Let me start this article by saying that it is not in any way to be taken as criticism of the Bartlet Mall Commission as they work to overcome the serious pollution problems with the water in Frog Pond at the Mall. These people deserve credit for their diligent efforts to solve this problem. It will cost some money but they will succeed.
I grew up out in the Back Bay section. In the 1940s I crossed the mall four times a day going to and coming from school. I played all the games there were to play there, summer and winter.
In all of those years the water was quite clean. The pond was full of fish, hornpout, kibbies and goldfish. On a sunny day you could stand atop the double banking on Greenleaf Street and see the sun reflecting off the goldfish. There was always an abundance of turtles that were well adapted to the exceptionally muddy bottom. Of course, frogs also thrived there. From early spring until late fall there was a flock of white ducks. They were fed daily by kids and adults alike. The ducks wintered in a barn on Merrimac Street owned by Harold K. “Goat” Walton, the longtime city dog catcher. It was a big event in the fall when “Goat” and a team of helpers came to round up the ducks before the ice set in. It always took a few days to catch the last one. We kids always rooted for the ducks. In the summer kids and some adults fished and many kids sailed model boats. There was never any vegetation such as pond lilies or other plants growing in the water.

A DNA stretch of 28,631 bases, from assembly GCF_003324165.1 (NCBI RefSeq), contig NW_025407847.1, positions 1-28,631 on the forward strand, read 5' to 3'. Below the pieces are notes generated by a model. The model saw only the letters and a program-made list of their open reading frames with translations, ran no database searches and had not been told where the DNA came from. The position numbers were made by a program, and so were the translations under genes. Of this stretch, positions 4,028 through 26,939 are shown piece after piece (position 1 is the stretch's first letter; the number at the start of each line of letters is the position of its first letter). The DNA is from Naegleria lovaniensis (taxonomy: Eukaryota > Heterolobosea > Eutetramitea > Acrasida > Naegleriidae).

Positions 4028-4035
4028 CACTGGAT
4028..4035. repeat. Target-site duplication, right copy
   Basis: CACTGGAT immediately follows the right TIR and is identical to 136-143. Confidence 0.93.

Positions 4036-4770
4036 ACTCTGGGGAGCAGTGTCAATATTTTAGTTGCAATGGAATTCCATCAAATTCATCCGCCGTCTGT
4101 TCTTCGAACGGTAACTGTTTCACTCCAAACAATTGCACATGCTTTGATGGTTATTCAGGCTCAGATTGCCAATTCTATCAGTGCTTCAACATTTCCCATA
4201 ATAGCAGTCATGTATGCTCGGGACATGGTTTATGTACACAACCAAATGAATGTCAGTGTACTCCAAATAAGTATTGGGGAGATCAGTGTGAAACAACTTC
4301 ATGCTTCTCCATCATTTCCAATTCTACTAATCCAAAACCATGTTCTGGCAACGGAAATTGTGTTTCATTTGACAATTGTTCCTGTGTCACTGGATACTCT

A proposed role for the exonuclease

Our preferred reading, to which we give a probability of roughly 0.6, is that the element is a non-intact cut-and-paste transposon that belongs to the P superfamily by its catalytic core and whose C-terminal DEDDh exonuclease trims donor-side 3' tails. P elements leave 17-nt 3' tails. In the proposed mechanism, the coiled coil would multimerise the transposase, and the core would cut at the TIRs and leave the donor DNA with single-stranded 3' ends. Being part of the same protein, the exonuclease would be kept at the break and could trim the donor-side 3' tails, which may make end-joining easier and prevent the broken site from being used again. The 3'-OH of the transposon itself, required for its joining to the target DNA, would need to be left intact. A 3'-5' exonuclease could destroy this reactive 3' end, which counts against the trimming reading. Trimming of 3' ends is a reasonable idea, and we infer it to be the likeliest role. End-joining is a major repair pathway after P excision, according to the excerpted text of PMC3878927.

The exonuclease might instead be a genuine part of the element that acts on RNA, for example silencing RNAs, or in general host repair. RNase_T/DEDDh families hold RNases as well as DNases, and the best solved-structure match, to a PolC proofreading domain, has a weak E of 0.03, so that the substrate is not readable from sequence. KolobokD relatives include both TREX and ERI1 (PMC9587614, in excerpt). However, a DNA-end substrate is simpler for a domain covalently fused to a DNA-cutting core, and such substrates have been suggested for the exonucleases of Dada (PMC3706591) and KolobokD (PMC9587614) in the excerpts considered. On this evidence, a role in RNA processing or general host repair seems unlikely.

Now in those days another event occurred every two or three years that was believed to be beneficial to the water quality. Because of Frog Pond being the source of water for an old system of reservoirs for firefighting purposes located in the center and South End of the city, the water level of the pond could be lowered, leaving much of the East End void of water. Crews from the Highway Department could then move in and do a good cleaning by removal of debris. They also dumped and spread sand in much of the exposed areas. I can remember this being done several times and I know it had been done for many years prior.
The reservoir near the foot of Federal Street was the one usually used. Retired fire Chief Jack Cutter remembers as a young boy going there with his father to check on the flow and then stopping at the Mall to check on the receding level of the water in the pond. Chief Cutter’s father was at the time the most knowledgeable person on the reservoir system and he oversaw its operation and maintenance for years before his retirement as deputy fire chief.
Unfortunately for present-day purposes, this alternative is no longer available. The retired chief told me recently that the reservoir system has been out of service for at least two decades, a victim of old age, and is no longer usable. Many of the reservoirs have been filled in.
As I stated at the beginning, those working on the problem will eventually find success and the fish, ducks and the turtles and frogs will hopefully return, along with the canoe tilters on future Olde Fashioned Sundays.
Joe Callahan is a former fire chief of Salisbury who is interested in historical accounts of the area.